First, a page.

This strategy, born in the early days of the Cold War, has become known as the containment policy.
One might think that this policy could have been laid to rest when the decades-long standoff was no longer an issue but "the containment policy never really ended," Chausovsky noted. "Right now, the United States is very actively applying" it against Russia.
The reason for the strategy's longevity is quite simple – the geopolitical imperative at the heart of containment did not disappear 25 years ago and is here to stay. This imperative is based on an assumption that Washington has to "prevent the rise of regional hegemons with the potential to challenge the United States."
"The Euromaidan revolution of February 2014 … originated from concerns that Russia was becoming too powerful in Ukraine. … What started as the United States containing Russia politically in Ukraine by supporting the overthrow of a pro-Russia government in favor of a pro-West one has expanded to entail economic and security components of containment," Chausovsky noted in an opinion piece titled "Why the US Feels It Must Contain Russia.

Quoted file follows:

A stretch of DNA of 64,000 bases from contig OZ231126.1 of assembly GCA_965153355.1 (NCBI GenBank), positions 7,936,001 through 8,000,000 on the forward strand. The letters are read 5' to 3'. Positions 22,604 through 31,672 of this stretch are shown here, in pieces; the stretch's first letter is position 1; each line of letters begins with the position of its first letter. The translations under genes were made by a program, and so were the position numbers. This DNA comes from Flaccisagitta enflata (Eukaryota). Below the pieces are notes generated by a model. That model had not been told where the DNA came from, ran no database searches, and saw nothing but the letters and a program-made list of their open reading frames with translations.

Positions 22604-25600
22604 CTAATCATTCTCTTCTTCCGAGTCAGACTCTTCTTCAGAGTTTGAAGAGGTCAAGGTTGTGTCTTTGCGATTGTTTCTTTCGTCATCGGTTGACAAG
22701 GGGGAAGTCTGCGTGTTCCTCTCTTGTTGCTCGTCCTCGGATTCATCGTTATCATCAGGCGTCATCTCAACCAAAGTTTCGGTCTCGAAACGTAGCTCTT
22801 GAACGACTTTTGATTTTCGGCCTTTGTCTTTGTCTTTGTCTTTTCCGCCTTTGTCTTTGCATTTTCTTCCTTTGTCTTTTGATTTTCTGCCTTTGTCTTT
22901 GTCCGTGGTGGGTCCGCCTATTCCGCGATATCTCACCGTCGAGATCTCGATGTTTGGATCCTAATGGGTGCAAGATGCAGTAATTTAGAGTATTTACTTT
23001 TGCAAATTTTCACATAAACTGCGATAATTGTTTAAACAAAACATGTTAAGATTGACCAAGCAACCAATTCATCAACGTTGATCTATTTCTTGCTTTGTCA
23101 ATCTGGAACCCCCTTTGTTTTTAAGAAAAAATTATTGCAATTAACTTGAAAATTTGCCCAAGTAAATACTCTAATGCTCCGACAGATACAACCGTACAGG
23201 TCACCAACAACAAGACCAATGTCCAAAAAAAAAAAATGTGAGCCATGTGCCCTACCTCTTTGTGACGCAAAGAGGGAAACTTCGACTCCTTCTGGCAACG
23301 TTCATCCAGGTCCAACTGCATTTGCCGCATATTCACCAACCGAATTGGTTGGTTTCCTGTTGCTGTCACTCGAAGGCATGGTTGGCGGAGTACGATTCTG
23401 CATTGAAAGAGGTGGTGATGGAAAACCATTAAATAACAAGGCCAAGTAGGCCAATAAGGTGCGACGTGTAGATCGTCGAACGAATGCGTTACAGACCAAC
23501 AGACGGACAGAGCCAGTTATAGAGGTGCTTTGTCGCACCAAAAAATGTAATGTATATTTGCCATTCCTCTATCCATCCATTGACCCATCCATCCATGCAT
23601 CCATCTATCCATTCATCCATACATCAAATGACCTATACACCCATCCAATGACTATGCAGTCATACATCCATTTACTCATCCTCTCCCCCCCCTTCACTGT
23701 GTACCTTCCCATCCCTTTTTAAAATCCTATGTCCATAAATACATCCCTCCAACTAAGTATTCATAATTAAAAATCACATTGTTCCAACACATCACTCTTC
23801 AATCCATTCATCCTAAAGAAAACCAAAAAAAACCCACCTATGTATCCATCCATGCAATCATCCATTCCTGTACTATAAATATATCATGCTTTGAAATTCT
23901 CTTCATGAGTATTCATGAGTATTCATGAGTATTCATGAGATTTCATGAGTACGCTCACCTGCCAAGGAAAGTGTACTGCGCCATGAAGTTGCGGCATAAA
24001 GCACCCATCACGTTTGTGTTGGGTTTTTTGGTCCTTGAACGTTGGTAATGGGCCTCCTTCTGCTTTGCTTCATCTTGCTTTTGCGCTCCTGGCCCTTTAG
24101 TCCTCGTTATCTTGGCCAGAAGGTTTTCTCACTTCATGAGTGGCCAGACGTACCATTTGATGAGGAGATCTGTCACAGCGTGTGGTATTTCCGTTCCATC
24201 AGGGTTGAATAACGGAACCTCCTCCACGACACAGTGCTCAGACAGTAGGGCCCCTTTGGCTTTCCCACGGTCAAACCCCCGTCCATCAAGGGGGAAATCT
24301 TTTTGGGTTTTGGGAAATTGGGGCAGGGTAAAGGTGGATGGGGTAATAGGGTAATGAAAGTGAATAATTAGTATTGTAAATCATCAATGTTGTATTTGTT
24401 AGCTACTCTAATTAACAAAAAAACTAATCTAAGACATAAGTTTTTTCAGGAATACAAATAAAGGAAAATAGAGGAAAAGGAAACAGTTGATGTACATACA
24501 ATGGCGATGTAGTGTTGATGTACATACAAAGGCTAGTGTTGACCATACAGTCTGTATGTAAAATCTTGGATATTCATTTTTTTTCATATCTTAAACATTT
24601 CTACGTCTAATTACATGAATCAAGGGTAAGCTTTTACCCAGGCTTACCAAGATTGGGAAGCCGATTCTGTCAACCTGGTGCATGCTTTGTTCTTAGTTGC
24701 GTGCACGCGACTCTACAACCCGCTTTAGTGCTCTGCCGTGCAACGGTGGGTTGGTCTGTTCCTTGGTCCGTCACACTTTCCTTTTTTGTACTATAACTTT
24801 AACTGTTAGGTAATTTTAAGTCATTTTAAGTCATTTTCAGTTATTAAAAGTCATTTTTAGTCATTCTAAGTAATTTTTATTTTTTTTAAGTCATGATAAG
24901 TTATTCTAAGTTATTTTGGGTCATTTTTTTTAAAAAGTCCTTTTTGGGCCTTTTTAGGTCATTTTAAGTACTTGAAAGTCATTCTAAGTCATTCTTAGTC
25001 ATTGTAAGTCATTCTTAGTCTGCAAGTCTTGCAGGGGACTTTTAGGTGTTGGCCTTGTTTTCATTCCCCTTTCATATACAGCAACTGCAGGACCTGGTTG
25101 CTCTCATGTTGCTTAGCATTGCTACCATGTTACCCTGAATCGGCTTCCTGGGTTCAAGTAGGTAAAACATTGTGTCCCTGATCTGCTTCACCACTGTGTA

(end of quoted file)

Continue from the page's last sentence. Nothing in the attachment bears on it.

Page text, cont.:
The US also pursues its containment policy in other countries along Russia's Western border, as well as in the Caucasus and Central Asia by using a broad array of instruments from conducting joint war-games to offering lucrative energy projects. It is against this background that the US is increasing its military presence in Europe and NATO is holding more military drills than ever before.
"Although the US containment strategy differs widely in each country and sub-region of the former Soviet Union, the underlying principle is the same: to limit Russia's political, economic and military influence throughout its periphery," Chausovsky explained.